gun control

Alyce and Neil Robertson / Courtesy

There are details of this story that Alyce and Neil Robertson don’t quite agree on.

“We were on our way to a wedding on a Saturday afternoon,” recalls Alyce.

“A Sunday, yeah,” recalls Neil, “we were on our way to a wedding.”

This Saturday (or Sunday) wedding trip roughly 20 (or 30) years ago has become a go-to party story for the Robertsons, who can at least agree that they were disagreeing at the time.

Bar Jack / Flickr

News Service of Florida

The League of Women Voters of Florida will start building a coalition Thursday to fight newly filed bills that would allow people to carry concealed weapons on college and university campuses.

But Rep. Greg Steube, a Sarasota Republican who is sponsoring the House version of the bill, remains undeterred. The proposal, which would apply to people who have concealed-weapons licenses, failed to pass the Legislature during the 2015 session.

Bar Jack / Flickr

News Service of Florida

The Second Amendment should supersede a Florida law that bans firearms from state university housing, a gun-rights group argued before seemingly skeptical appellate judges Tuesday.

The 1st District Court of Appeal in Tallahassee heard arguments from Florida Carry Inc., which contends students and other people residing in on-campus housing at the University of Florida should be allowed to maintain possession of firearms as they would at their parents' homes.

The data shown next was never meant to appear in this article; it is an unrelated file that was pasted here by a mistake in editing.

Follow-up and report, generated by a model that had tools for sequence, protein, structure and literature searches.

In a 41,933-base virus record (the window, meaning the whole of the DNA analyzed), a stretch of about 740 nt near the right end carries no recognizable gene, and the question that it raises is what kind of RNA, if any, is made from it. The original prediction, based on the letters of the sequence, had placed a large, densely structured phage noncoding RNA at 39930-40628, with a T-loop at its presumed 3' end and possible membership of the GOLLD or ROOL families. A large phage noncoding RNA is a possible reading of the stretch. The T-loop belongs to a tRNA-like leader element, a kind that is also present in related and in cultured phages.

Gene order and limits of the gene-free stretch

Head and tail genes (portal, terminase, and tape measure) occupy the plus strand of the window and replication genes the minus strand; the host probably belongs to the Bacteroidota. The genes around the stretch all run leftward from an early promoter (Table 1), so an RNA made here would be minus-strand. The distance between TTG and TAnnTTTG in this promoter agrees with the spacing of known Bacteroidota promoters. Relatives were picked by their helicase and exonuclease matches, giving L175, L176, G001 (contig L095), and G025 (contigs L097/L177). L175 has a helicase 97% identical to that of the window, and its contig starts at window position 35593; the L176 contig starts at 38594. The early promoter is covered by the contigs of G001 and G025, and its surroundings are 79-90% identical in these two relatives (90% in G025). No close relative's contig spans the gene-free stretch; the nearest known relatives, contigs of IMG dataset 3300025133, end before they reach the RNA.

Today on WLRN-Miami Herald News, you heard:

For the first time in nearly two decades, federal money is beginning to flow into gun violence research. And there's growing momentum behind creating a reliable national reporting database for firearm injuries and deaths.

On the front lines at the Los Angeles County+USC Medical Center, one of the top trauma hospitals on the West Coast, researchers like Dr. Demetrios Demetriades hope to get a better picture of the scope of the problem, so states can better target their prevention programs.

Timmy Gunz / Creative Commons/Flickr


On The Florida Roundup: It’s been called the “physician gag rule” or a law that pitted “docs versus glocks.” And a recent federal appeals court upheld the 2011 state law prohibiting doctors from inquiring about patients' gun ownership. The Florida law was the first of its kind in the U.S.


In our final installment of Session 2014: The Sunshine Edition, we highlight the big events from this legislative season.

Stand Your Ground reform did not get far, but bills to allow undocumented immigrants to pay in-state tuition at state colleges and universities and to legalize a form of medical marijuana made it through the Republican-controlled legislature, and Governor Rick Scott says he will sign them. 

WLRN-Miami Herald News' Gina Jordan walks us through hallways of the Capitol in the remaining hours of the session.


Hurricane season is a few months away, and that may be what was on the mind of legislators this session.

The Legislature is likely to pass a bill allowing people who do not (and maybe even could not) get a concealed-weapons permit to carry a gun if there is a state-declared emergency.